True to his father's instruction, on that fateful evening so many ages past, Peter had the flute named Frost with him. It sat in its small carrying case on the truck bench's seat beside him. This was a new case, of course, made of modern high-impact plastic and reinforced steel. The original leather case had worn away long ago, as had many successors since. But Frost remained unchanged by time. It looked as new today as when he first saw it, and probably the same as when fabled Jorg first carved it.I read most of Bill Willingham's Fables series of graphic stories back in 2008-11 when they were getting Hugo nominations, but rather lost interest after the big battle between our heroes and their enemy was resolved in Volume 11 (of at least 19). This however is a spinoff prose novel, explaining the tortuous relationships between Peter Piper, Bo Peep and Peter's evil brother Max, coming to a gruesome climax in medieval Hamelin with echoes through to the present day, where fairy tale characters are living under cover in New York - am I right in thinking that there's a recent TV series with a similar premise?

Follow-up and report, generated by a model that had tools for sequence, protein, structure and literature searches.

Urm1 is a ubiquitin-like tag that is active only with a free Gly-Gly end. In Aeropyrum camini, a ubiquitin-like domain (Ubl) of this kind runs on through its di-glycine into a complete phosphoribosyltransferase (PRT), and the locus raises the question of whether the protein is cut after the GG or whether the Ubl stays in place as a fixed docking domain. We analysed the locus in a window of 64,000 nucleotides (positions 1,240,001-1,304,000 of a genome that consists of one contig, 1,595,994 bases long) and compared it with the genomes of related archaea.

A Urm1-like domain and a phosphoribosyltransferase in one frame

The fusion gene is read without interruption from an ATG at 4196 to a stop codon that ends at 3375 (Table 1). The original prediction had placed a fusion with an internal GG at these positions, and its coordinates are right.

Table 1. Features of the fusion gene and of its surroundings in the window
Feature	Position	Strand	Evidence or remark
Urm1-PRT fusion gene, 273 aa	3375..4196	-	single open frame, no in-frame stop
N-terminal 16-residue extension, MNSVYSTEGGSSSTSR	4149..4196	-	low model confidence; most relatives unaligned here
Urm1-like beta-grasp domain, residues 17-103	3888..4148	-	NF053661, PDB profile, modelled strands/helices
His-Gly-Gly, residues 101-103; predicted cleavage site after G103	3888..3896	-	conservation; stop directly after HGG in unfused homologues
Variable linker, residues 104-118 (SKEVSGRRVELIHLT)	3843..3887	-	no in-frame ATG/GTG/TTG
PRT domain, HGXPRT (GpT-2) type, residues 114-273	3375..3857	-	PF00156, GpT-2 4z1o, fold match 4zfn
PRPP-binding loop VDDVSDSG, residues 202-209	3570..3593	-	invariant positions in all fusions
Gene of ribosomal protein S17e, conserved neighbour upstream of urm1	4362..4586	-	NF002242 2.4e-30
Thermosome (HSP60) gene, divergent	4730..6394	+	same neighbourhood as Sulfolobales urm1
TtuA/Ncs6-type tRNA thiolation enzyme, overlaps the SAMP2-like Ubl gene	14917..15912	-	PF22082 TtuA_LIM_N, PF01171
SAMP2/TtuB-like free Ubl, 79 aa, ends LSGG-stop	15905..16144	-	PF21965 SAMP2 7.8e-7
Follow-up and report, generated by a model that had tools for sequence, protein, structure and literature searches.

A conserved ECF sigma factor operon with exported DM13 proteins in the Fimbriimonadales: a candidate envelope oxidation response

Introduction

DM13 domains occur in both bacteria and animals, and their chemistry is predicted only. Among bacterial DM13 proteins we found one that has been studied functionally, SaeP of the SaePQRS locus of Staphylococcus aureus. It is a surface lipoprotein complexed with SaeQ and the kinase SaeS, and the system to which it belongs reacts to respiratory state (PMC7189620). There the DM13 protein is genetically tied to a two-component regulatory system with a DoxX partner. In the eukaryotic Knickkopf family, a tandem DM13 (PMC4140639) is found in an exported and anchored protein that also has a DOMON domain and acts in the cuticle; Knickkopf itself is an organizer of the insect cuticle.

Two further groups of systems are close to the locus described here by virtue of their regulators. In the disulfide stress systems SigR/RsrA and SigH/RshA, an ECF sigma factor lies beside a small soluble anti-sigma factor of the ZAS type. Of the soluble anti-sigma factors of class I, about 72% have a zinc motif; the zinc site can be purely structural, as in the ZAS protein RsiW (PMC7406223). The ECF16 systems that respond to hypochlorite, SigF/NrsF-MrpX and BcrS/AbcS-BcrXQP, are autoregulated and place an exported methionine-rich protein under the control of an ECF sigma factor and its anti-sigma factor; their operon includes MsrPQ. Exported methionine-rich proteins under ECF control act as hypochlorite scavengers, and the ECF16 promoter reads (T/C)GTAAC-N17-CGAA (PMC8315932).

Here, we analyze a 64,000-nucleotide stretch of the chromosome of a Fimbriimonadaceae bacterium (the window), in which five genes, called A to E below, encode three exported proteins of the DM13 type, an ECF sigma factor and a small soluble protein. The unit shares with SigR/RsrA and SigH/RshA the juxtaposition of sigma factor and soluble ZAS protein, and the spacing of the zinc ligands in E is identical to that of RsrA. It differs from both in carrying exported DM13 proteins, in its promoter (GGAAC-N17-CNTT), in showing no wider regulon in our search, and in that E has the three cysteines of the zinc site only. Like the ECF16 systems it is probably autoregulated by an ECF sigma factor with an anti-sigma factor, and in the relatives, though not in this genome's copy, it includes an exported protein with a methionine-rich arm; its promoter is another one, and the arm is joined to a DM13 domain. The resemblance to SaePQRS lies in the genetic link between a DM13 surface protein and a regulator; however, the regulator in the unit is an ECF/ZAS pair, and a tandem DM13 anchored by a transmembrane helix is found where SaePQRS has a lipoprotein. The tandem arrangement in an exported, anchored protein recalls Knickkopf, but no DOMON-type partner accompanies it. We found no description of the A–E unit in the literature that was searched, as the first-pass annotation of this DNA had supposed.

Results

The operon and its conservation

It's gorgeously illustrated, clever and well-written, but not especially so, and while it's supposedly standalone with respect to the comics, I think they do crucially reinforce each other. So I can't recommend this to those who haven't tried (or don't want to try) the graphic stories it's rooted in.
This was my top unread book acquired in 2011. Next on that list is The Last Theorem, by Arthur C. Clarke and Frederik Pohl.